Alex, Jim, and Joe
19 August 2010 | On our way to Tonga
Wow sorry guys there must have been a bad character in the blog message bc it happened again 😀 Third time is a charm though – Enjoy!
(On our way to Tonga a couple weeks back)
The winds went from 6 knots to over 36 in a matter of seconds. The only sail we had up at the time was the jib and Alex immediately began cranking her down. Bubbles has serious weather helm, which means as she heels over she tends to turn up into the wind. Generally, it’s better to sail at less than 30 degrees of heeling over, so if the sail area is producing more than that you need to bring her in some. As Alex began cranking her down the winds got stronger and stronger. At one point I looked down and saw wind speeds being clocked at 57 knots! (like 70 mph!) At this point in the blog we’ve decided it’s only right to each blog our version of our first gale.
Jim – “Ok so I’m at the helm and this wind starts going nuts. Alex is cranking in the jib furling line and I’m turning her downwind (fighting the weather helm which is trying to bring us upwind). The waves at first were quite short (probably because the weather picked up so quick they didn’t have time to build). But the rain or water being swept up from the waves was smacking our backs so hard I thought I was in a hail storm. The waves built up to around 5 meters (yeah that’s like 15, 16 feet), but we eventually got the hang of it and just rode it. Our course was determined by what kept the wave crashing to a safe level (riding downwind – straight north) and trying to keep our bearing of due west. This went on for a few hours and we ended up only about 10 nm off course. In retrospect, it was a crazy and great thing as an experience, but if you can avoid it you should.”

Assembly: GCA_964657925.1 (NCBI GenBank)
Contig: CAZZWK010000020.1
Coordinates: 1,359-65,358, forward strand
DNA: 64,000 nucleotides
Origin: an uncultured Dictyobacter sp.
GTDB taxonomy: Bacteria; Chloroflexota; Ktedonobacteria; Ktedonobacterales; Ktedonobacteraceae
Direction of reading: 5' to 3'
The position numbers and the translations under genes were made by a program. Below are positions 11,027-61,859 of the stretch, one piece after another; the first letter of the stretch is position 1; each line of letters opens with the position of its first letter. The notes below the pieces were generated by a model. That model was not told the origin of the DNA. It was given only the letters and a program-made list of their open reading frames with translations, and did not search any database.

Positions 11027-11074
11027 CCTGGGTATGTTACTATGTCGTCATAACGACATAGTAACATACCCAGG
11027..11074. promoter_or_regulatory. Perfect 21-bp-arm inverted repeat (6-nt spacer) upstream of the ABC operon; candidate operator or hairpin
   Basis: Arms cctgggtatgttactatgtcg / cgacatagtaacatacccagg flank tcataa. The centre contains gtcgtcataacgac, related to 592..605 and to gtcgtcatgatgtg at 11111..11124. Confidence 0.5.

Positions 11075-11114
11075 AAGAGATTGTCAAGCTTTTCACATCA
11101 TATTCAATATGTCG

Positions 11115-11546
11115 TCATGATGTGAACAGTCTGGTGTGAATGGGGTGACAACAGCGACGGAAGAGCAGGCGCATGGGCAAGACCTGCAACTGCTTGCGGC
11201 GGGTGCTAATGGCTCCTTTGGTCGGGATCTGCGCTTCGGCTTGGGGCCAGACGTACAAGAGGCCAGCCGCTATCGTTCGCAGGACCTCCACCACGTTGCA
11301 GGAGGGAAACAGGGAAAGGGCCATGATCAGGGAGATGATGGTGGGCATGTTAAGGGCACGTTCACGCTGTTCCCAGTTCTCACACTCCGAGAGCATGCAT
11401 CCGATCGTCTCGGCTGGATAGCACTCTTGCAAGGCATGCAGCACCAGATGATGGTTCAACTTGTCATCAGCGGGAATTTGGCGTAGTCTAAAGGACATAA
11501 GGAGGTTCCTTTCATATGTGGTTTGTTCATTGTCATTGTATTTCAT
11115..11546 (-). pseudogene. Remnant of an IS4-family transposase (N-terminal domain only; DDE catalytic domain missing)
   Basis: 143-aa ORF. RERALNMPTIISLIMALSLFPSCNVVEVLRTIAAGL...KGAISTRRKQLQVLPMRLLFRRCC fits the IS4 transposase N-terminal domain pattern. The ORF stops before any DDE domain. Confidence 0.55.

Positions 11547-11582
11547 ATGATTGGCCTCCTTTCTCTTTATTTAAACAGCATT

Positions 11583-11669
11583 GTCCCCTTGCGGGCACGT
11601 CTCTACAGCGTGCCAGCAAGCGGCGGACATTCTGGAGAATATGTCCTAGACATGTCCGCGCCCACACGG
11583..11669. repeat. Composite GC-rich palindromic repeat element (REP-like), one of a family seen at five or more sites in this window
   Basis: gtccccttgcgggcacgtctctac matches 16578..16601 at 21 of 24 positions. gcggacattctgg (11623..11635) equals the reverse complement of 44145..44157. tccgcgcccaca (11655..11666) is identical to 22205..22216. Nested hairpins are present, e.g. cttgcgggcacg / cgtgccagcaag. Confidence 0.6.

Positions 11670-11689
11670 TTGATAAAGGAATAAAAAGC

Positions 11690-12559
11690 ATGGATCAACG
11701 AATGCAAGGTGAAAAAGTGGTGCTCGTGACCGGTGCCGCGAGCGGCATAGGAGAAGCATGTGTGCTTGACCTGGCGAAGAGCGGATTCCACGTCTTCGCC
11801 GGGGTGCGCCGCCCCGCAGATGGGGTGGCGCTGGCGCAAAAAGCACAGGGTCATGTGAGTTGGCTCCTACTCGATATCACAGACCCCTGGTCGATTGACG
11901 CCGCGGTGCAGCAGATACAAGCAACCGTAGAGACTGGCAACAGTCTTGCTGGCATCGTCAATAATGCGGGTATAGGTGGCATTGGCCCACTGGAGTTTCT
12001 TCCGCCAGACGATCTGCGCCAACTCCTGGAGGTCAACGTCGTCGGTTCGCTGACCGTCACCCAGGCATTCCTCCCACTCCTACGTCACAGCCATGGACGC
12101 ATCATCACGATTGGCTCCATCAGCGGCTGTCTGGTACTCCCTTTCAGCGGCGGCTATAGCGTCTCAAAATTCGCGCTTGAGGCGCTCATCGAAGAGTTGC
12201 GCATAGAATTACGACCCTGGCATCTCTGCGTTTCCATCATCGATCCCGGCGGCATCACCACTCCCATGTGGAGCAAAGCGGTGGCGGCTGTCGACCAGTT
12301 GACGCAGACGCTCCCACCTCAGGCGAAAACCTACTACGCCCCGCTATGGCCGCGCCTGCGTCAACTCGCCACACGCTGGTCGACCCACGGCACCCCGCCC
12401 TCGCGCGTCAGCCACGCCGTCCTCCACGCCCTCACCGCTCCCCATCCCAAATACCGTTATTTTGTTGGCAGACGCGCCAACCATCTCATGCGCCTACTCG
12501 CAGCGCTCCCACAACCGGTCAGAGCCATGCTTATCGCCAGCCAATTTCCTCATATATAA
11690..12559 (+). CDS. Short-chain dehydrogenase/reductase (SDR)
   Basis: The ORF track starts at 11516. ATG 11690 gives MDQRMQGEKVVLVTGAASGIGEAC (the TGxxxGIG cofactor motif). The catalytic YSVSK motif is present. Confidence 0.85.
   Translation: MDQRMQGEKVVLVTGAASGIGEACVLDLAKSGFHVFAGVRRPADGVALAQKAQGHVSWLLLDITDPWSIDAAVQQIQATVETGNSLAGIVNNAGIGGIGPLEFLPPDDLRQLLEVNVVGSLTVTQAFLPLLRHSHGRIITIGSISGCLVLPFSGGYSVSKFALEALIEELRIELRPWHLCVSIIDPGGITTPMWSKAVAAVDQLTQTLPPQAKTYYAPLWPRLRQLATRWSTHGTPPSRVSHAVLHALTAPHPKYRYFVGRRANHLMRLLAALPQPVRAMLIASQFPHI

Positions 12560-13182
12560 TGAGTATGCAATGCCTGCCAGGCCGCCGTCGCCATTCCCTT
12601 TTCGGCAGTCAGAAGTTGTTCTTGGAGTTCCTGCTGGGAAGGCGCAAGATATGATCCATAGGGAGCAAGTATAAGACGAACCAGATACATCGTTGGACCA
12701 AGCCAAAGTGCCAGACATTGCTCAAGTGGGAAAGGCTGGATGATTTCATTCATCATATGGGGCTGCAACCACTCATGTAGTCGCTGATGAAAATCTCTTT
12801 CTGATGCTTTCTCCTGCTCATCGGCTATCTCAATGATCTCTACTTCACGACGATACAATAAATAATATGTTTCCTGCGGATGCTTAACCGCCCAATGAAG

Joe – “With all the gusts of wind and waves crashing against the sailboat it took a lot of energy to keep the boat on course. So we decided to move our usual three hour shift to a one hour shift giving us two hours off. (The best two hours of my life!) Since it was so loud in the cockpit from the wind and waves we left the handheld radio on and used it to talk to whoever was in the cabin. When I first started my first shift (which was nothing compared to what Jim had to go through) I was a little worried about getting tired but that thought quickly left. The 6 meter waves that were coming left the boat rocking but Bubbles was built to take waves like that. It was the waves that came right after another and at the right angle that would bring in green water (Water that crashes over into the boat). So every now and then I would be brought to my senses from a splash of water (leaving me completely soaked by the way). I was getting a little board so I decided to sing to keep myself entertained. “God Bless America”, “The National Anthem”, and old camp songs was all could think of. So I sang away! I hope I wasn’t singing to loud to keep Jim and Alex from resting. After what seemed to be multiple hours, I thought for sure my one hour shift was up. So radioed Alex and it turns out it had been just as it felt; 2 hours. It was my fault anyways, I wasn’t watching the time.”
Alex – “Yarrr!”
Later on in the night (probably around 3 am) we heard the radio start to clatter. From what we could tell the Kiwi Rescue Aircraft was having a conversation with another boat but we could only hear the KRA’s signal (it’s stronger and higher in the sky). We got on the radio to find out what was going on and learned that a catamaran and capsized just 60 nm south of us. Without a motor and staring at 60 nm of beating straight into 40 knot winds we could only standby. One sailor was in a life raft tied up to the cat and the other was still inside the capsized hull talking to rescue. Apparently these cats are designed to be livable while capsized and have special life boat escape hatches built into the bows. Pretty gnarly stuff but I think it puts things in perspective. Let’s just say it was our first gale and hopefully our last. Tonga here we come!